Next  |  Prev  |  Up  |  Top  |  Index  |  JOS Index  |  JOS Pubs  |  JOS Home  |  Search

Mass Transmittance from String to String

Referring to Fig.9.15, the velocity transmittance from string 1 to string 2 may be defined as

$\displaystyle \hat{\tau}_v(s)
\eqsp \frac{V^{+}_2(s)}{V^{+}_1(s)}.

By physical symmetry, we expect the transmittance to be the same in the opposite direction: $ \hat{\tau}_v(s) = \frac{V^{-}_1(s)}{V^{-}_2(s)}$ . Assuming the incoming wave $ V^{-}_2$ on string 2 is zero, we have $ V^{+}_2=V$ , which we found in Eq.$ \,$ (9.16):

$\displaystyle V \eqsp \frac{2R}{ms+2R}V^{+}_1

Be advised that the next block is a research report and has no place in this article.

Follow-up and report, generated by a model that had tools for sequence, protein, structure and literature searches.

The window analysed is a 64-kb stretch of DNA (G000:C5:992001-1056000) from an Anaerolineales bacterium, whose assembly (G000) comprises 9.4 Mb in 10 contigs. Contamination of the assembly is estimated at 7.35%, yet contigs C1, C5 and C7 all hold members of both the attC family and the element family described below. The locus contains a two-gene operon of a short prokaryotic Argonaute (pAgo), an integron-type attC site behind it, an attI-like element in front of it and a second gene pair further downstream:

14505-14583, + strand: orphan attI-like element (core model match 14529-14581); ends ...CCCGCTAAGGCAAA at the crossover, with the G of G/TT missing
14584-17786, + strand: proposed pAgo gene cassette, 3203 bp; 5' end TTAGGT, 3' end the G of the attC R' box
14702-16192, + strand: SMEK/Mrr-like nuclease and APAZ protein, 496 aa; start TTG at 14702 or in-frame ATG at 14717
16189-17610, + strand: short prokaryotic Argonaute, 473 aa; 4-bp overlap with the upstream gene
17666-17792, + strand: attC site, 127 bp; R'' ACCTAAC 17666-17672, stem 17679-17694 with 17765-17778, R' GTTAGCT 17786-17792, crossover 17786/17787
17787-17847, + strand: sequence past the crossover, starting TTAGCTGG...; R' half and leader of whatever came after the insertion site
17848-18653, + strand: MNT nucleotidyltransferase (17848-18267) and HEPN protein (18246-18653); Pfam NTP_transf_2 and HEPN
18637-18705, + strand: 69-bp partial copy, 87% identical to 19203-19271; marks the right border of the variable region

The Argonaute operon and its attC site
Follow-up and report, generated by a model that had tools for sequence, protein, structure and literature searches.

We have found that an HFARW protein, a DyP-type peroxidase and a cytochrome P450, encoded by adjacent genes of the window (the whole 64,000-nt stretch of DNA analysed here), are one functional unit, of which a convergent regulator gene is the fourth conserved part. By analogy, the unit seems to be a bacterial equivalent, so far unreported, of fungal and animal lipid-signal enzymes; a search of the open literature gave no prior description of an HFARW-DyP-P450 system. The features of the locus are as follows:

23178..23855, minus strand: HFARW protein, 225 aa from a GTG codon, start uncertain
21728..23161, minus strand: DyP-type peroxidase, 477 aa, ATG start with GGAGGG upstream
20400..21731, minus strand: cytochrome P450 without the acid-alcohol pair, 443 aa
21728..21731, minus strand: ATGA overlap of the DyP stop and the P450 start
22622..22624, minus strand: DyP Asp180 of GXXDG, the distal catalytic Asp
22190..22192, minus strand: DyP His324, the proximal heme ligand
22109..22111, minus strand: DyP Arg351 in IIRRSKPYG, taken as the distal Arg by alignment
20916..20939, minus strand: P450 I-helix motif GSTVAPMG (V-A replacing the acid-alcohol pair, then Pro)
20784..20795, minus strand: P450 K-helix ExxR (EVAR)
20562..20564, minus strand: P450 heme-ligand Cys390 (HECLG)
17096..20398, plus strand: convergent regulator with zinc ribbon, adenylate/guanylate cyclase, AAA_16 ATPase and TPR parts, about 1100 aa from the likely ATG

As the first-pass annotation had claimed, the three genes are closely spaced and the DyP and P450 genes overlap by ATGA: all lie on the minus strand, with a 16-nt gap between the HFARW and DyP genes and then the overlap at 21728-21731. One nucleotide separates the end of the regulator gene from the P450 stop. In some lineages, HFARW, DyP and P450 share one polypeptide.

Thus, the mass transmittance for velocity waves is

$\displaystyle \zbox {\hat{\tau}_v(s) \eqsp \frac{2R}{ms+2R} \eqsp 1-\hat{\rho}_f(s) \eqsp 1+\hat{\rho}_v(s)}

We see that $ m\to\infty$ corresponds to $ \hat{\tau}_v(s)\to 0$ , as befits a rigid termination. As $ m\to0$ , the transmittance becomes 1 and the mass has no effect, as desired.

We can now refine the picture of our scattering junction Fig.9.17 to obtain the form shown in Fig.9.18.

Figure 9.18: Velocity-wave scattering junction for a mass $ m$ (impedance $ ms$ ) attached to an ideal string having wave impedance $ R$ .

Next  |  Prev  |  Up  |  Top  |  Index  |  JOS Index  |  JOS Pubs  |  JOS Home  |  Search

[How to cite this work]  [Order a printed hardcopy]  [Comment on this page via email]

``Physical Audio Signal Processing'', by Julius O. Smith III, W3K Publishing, 2010, ISBN 978-0-9745607-2-4.
Copyright © 2017-02-20 by Julius O. Smith III
Center for Computer Research in Music and Acoustics (CCRMA),   Stanford University